As a tech I am often in the position where a computer’s performance just doesn’t match the shiny sticker on the outside of the box boasting unlimited power hereafter! So just how capable is the CPU in your machine and how many operations can it handle at ~100% CPU saturation on all cores?


Multithreaded CPU Stress Test using Mersenne Primes Multithreaded CPU Stress Test using Mersenne Primes

Stressing your CPU

In this article I wrote a short C++ CPU Stress Test Program to benchmark this using the Mersenne Primes algorithm.

You can download the source files for this article here


After install Windows Driver Toolkit I now have to manually set some of the linker paths – you may well need to set these yourself depending on your VC environment


CPU Stress Test Linker Options CPU Stress Test Linker Options

And be sure to include NTDLL as an additional library

CPU Stress Test linker NTDLL CPU Stress Test linker NTDLL



The program firstly determines how many cores the machine under test has by calling NtQuerySystemInformation and populating the BasicInformation object. We want to stress each core if possible so we need to determine this from machine to machine.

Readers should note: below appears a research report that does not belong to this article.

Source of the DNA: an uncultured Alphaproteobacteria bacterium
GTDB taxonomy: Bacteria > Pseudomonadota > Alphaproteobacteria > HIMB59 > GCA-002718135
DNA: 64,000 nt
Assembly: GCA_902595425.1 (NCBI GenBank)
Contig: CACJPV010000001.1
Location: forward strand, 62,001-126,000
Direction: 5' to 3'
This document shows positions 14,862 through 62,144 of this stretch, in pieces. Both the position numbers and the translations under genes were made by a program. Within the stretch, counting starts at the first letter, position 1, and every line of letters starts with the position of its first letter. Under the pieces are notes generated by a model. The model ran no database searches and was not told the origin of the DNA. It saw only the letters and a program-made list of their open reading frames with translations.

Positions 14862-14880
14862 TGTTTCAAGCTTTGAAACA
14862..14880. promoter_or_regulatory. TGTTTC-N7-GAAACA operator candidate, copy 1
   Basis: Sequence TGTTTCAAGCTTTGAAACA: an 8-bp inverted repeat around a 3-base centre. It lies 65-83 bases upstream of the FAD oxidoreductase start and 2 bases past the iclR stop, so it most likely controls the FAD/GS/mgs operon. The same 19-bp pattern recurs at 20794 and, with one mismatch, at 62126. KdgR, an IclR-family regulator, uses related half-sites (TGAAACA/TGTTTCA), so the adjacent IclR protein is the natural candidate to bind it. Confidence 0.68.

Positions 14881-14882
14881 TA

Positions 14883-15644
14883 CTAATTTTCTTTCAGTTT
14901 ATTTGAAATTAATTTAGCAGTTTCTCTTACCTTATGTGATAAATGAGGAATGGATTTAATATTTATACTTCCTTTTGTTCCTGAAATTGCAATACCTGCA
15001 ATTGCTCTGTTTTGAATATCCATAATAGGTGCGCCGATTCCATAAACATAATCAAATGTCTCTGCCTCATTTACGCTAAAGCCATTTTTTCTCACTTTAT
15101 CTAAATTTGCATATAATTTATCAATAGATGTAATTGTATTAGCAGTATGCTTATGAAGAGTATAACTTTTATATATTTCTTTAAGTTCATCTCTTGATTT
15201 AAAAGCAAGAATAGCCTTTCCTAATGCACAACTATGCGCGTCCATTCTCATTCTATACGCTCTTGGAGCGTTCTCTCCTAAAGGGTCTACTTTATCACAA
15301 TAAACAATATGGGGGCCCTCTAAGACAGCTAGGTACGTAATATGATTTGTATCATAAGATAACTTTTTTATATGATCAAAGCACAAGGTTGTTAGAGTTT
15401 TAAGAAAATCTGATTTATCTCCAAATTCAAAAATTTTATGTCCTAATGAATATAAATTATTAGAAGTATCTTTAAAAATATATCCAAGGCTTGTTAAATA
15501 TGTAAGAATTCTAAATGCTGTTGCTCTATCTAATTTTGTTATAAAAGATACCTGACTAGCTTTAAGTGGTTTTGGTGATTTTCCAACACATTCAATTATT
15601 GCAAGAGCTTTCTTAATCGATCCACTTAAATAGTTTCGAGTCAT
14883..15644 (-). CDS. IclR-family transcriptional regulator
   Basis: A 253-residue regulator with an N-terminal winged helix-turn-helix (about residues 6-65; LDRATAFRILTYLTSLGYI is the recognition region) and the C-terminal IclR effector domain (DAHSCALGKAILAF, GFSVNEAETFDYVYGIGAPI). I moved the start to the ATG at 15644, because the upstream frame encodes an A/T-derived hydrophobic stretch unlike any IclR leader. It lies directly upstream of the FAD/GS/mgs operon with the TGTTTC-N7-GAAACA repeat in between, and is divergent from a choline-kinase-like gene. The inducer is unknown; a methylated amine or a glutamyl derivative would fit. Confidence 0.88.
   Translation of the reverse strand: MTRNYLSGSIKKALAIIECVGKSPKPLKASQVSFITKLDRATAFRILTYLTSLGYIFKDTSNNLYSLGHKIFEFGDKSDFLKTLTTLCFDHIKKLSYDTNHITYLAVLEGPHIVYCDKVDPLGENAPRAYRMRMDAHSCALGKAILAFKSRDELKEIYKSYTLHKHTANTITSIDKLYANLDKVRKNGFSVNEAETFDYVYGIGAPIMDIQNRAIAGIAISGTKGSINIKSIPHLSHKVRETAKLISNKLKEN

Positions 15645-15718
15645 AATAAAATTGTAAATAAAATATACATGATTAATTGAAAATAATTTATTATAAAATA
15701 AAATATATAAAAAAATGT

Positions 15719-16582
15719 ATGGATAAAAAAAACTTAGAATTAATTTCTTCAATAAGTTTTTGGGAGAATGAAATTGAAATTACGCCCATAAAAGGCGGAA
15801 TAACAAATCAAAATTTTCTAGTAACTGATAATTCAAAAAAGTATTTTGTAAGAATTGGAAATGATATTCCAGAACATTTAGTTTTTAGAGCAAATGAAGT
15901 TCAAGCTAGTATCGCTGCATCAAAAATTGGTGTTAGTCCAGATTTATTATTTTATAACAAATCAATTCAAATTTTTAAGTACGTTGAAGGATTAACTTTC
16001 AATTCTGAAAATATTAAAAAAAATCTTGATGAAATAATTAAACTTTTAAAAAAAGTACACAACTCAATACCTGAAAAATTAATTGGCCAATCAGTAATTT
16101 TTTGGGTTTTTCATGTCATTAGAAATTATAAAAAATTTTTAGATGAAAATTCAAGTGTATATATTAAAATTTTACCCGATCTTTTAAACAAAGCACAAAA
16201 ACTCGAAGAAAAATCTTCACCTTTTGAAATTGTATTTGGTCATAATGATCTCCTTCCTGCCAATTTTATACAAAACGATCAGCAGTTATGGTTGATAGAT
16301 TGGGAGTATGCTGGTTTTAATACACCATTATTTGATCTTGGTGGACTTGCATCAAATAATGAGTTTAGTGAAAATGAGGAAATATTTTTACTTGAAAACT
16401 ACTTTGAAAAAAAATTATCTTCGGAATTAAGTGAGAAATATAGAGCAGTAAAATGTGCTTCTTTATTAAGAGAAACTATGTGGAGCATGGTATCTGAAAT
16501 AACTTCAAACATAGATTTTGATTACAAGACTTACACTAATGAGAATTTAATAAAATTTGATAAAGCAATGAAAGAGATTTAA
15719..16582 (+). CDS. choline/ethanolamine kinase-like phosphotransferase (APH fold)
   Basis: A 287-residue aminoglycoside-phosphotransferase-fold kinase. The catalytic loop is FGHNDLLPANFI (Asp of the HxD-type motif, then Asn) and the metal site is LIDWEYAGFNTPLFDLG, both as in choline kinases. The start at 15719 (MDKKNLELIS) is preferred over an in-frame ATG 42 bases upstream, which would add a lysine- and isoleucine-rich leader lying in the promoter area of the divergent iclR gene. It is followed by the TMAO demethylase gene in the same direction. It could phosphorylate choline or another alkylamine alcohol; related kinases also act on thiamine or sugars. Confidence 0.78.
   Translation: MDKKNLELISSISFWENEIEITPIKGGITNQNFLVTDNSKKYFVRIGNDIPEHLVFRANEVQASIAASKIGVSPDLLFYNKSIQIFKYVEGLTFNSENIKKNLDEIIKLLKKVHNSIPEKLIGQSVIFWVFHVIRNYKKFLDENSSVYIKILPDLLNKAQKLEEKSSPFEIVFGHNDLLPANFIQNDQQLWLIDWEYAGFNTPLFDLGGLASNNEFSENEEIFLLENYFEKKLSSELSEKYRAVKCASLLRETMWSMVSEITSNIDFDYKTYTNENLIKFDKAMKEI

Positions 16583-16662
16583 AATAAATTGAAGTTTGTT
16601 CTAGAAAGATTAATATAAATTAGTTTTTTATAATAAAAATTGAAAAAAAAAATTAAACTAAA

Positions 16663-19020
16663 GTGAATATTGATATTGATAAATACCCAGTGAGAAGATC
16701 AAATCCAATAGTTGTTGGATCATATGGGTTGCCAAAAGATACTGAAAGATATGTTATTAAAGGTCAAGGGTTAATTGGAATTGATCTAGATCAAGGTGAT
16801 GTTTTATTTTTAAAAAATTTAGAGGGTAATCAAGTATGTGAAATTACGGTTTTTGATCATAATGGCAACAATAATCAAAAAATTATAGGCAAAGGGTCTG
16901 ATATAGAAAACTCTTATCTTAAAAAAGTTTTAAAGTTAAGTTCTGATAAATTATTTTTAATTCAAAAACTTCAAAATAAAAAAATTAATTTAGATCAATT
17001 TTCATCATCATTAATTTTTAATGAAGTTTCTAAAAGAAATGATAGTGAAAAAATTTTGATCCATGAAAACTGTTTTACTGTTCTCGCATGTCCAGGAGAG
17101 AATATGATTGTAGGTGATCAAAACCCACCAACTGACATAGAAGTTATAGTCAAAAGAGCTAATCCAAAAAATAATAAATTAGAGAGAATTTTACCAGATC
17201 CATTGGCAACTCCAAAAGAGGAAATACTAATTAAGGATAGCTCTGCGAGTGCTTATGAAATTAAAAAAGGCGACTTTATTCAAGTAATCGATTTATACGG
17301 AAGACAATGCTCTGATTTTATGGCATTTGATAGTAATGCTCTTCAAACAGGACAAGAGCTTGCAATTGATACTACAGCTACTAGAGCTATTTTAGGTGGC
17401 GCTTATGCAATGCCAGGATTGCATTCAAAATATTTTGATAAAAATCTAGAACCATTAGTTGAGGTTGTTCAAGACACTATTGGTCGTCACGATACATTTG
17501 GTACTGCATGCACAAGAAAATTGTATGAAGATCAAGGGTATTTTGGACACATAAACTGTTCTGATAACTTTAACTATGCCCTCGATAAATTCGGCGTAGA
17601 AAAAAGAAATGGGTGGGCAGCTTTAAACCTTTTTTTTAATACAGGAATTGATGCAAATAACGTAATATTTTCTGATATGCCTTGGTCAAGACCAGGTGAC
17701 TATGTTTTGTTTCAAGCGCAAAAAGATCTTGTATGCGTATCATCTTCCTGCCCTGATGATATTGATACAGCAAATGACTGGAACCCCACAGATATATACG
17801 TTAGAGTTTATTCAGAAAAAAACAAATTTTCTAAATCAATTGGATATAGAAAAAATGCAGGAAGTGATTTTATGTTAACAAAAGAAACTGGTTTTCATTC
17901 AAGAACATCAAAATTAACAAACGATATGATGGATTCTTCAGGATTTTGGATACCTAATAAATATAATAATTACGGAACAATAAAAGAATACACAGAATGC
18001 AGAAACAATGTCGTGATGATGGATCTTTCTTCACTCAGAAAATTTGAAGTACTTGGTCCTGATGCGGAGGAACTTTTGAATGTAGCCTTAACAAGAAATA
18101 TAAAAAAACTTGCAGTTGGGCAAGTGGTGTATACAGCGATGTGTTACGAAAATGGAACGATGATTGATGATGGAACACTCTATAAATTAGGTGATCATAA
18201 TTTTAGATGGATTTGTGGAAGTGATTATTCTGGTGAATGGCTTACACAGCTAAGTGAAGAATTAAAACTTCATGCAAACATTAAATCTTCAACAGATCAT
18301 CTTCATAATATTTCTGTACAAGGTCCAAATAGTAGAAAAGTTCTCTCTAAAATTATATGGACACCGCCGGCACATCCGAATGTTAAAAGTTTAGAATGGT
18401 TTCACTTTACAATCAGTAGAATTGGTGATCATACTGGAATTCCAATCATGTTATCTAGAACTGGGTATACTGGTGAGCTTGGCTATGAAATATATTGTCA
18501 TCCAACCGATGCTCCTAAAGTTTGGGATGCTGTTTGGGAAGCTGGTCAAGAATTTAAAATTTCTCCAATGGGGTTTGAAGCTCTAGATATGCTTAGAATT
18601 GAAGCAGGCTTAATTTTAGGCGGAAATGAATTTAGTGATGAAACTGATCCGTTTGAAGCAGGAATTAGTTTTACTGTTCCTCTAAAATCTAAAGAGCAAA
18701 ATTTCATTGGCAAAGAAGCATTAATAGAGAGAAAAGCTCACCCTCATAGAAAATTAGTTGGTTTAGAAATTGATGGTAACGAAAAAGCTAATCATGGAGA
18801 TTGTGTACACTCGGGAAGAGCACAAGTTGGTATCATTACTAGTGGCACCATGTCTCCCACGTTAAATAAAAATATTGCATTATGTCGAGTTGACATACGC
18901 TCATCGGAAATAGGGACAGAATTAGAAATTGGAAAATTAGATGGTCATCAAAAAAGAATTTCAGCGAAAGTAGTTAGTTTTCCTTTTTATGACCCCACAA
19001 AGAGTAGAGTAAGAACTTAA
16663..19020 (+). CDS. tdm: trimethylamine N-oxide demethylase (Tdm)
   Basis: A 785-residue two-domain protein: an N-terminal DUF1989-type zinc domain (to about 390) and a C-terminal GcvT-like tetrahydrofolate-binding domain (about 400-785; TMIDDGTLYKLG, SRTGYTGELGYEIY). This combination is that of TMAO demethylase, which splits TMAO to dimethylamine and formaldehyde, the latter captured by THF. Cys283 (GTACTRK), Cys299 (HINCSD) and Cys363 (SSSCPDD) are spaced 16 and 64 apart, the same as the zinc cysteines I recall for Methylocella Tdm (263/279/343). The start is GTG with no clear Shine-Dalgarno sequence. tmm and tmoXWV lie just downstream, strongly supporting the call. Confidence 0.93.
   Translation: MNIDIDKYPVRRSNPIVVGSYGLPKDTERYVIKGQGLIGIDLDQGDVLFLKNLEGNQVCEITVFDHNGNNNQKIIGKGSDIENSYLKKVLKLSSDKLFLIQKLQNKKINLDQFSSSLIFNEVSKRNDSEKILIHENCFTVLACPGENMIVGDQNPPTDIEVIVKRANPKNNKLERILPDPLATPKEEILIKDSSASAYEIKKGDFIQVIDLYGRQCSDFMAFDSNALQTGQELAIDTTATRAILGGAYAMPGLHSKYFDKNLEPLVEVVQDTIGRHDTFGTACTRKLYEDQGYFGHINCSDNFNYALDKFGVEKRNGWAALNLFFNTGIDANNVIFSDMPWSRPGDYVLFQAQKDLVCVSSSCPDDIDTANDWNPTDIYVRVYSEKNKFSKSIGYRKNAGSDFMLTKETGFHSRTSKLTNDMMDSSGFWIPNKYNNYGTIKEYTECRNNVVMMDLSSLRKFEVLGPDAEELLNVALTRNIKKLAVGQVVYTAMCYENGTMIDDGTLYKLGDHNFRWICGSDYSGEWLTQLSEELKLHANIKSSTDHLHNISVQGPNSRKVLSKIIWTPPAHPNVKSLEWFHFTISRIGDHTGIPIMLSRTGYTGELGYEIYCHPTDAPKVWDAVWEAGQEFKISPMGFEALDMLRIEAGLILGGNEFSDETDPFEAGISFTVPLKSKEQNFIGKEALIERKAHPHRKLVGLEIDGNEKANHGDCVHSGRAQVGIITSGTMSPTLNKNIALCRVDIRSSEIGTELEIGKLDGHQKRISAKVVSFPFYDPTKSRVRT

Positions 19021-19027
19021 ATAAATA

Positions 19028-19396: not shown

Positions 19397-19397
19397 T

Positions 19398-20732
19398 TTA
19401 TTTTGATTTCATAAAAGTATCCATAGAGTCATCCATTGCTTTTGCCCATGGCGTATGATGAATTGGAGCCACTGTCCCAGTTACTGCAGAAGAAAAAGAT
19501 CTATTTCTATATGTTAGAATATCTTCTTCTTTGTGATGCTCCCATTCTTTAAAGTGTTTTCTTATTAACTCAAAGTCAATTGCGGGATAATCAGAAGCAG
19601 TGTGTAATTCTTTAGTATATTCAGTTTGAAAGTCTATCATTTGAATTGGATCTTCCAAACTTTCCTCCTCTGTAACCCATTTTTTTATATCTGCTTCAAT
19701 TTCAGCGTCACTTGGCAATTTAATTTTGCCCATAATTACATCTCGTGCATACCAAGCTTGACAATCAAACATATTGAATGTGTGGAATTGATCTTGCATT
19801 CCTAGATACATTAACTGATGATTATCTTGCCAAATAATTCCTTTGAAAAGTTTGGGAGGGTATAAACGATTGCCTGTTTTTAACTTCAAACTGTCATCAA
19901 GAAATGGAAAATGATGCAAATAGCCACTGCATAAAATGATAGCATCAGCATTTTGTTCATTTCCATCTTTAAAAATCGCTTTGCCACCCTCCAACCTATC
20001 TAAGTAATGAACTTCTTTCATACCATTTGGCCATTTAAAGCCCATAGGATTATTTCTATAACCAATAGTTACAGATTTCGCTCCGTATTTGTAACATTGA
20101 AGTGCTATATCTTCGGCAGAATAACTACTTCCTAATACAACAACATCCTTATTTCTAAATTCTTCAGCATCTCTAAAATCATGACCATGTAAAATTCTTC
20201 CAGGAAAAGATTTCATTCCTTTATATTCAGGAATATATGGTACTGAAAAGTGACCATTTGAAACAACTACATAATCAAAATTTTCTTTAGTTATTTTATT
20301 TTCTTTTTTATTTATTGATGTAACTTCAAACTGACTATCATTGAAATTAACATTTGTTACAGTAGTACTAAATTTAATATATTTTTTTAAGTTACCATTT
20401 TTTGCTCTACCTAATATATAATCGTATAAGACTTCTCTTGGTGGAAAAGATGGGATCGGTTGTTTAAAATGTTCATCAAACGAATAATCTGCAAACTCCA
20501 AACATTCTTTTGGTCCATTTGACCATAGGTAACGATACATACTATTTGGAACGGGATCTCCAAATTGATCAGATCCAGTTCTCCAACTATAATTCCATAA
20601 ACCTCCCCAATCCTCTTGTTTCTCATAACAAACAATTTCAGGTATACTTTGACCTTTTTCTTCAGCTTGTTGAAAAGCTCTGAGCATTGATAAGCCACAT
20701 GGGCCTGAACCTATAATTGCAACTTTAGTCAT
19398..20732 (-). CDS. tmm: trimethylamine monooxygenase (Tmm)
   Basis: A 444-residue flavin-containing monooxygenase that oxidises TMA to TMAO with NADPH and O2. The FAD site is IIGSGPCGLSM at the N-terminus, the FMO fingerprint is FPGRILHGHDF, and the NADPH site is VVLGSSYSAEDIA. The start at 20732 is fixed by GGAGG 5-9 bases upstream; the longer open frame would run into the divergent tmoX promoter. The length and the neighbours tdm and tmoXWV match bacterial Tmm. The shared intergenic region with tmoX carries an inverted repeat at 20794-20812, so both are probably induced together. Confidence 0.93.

// want the number of cores
NtQuerySystemInformation(SystemBasicInformation, &BasicInformation, sizeof(SYSTEM_BASIC_INFORMATION), NULL);

Each thread searches for Mersenne Primes between n (2-61 here)

 BOOL CpuBenchmark::IsPrime(ULONG64 n)  // function determines if the number n is prime.
	for (ULONG64 i = 2; i * i < n; i++)

		if (n % i == 0)
			return false;
	return true;

ULONG64 CpuBenchmark::Power2(ULONG64 n)		//function returns 2 raised to power of n
	ULONG64 square = 1;
	for (ULONG64 i = 0; i < n; i++)
		square *= 2;
	return square;


VOID CpuBenchmark::MersennePrimes()
	ULONG64 i;
	ULONG64 n;

	for (n = 2; n <= 61; n++)      
		if (IsPrime(n) == 1)      
			i = Power2(n) - 1;
			if (IsPrime(i) == 1) {
				// dont care just want to stress the CPU


The programs then run a separate thread starting a new instance of the test class hoping to take advantage of each core

// make sure we've got at least as many threads as cores
for (int i = 0; i < this->BasicInformation.NumberOfProcessors; i++)
threads.push_back(thread(&CpuBenchmark::MersennePrimes, CpuBenchmark()));

The programs then waits for all threads to complete

// wait for them all to finish
for (auto& th : threads)

And return the ellapsed time back to the caller

auto stop = std::chrono::steady_clock::now();
ULONG64 millisecondsDuration = std::chrono::duration_cast<std::chrono::milliseconds>(stop - start).count();

return millisecondsDuration;


On my 8 core Intel(R) Core(TM) i7-8650U CPU @ 1.90GHz this took about 20 seconds to complete.

You can download the source files for this article here

Written by admin